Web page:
supported by

Search Menu

MBC annual update: What a difference a year makes!

Shortly before International Men’s Day, in November 2016, the founder members of the Men and Boys Coalition got together at the Houses of Parliament to announce our arrival to the world.

As media reported at the time, this was already a world first – a national coalition set up as an umbrella movement for the men’s sector; bringing together charities, campaigners, writers and academics in a shared mission to champion the gender-based issues affecting men and boys, and represent their issues in the media and the corridors of power.

So, one year on, what difference has it made? It’s time for a recap. (The full newsletter below is available as a PDF here: MBC annual update)


Getting up and running!

Let’s get the boring bit out of the way first! As anyone who has set up a not-for-profit organisation will testify, getting up and running, legally constituting the body, securing funding and then employing staff is a long and tortuous process. Yes, we are now established as a company with charitable aims and objectives, with full charity status still pending. Our funding remains (literally) non-existent and everything done for the Coalition so far has been on an entirely voluntary basis. We are quietly optimistic we can bring good news on that score soon, but for now, please bear in mind that what follows has been achieved purely through the voluntary efforts of our steering committee, members and supporters. Think what we’ll be able to do with a few resources behind us!


Our membership is growing!

We have been delighted to welcome a host of new recruits and members since the launch. Among the more prominent and distinguished organisations and individuals, we are thrilled to now be working alongside the National Association of Round Tables. The Round Table is one of the country’s best-known fundraising charities, bringing together and channelling the efforts of over 30,000 men across the country, while also operating as a valuable social support network in its own right. Already their support for the Coalition, and for International Men’s Day, has been a huge boost to our profile and efforts.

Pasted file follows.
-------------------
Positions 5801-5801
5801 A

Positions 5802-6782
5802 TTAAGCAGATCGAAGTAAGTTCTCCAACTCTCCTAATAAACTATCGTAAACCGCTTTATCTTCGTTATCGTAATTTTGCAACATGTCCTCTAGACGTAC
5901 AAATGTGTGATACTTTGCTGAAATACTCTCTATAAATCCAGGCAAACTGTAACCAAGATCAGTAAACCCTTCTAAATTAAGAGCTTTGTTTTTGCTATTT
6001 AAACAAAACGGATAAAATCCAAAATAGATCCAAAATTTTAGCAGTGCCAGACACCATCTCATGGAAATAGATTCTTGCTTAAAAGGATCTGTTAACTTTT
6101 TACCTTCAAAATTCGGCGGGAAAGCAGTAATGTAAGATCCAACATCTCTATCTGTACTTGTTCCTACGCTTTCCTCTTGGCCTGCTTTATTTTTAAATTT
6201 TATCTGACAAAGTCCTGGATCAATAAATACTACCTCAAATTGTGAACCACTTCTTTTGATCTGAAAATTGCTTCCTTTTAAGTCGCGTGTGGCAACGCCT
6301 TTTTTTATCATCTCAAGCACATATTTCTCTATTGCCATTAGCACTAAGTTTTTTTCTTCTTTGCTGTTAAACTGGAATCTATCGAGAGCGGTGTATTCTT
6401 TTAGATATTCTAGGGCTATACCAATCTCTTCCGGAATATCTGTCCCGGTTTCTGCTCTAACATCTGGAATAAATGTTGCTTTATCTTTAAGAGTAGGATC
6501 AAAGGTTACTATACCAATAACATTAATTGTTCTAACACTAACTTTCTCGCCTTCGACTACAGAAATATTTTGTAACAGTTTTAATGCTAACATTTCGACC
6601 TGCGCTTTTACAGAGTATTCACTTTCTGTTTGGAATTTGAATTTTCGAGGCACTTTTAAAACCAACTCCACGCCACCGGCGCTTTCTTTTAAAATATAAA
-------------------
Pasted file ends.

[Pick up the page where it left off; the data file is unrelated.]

We are also extremely excited to announce hot of the press that one of our latest members is now UK Men’s Sheds, the national body representing over 400 Men’s Sheds across the country — an amazing grassroots network that benefits around 10,000 men with new skills and lasting friendships.

Among the individual members, we’re particularly honoured to have been joined by Mary Curnock-Cook, OBE. As former CEO of UCAS, the universities admissions body, Mary has long been one of Britain’s most vocal and effective campaigners on the topic of boys’ academic underachievement.

In too many ways to count, the Coalition has already inspired networking, mutual support, new friendships and collaborations. We’ll also take this moment to mention the sterling efforts of Dr Ben Hine in developing the MBC’s academic network, which aims to offer new realms for sharing research opportunities, learning opportunities and teaching practice in higher education.

If you know of another charity, campaigner or academic who might want to be part of the Men and Boys Coalition, do please point them our way.


Campaigning on Relationships and Sex Education for Boys

One of our first political priorities was to ensure that the needs, interests and circumstances of boys should be represented within debates and policy reform on the topic of RSE. With a new syllabus now in preparation, we were deeply concerned that the prevailing narrative included extensive discussion of the problems boys can sometimes cause to their female peers, but virtually no thought to the problems boys often have themselves, or male specific issues such as gendered sexual expectations, male consent or vulnerabilities to abuse.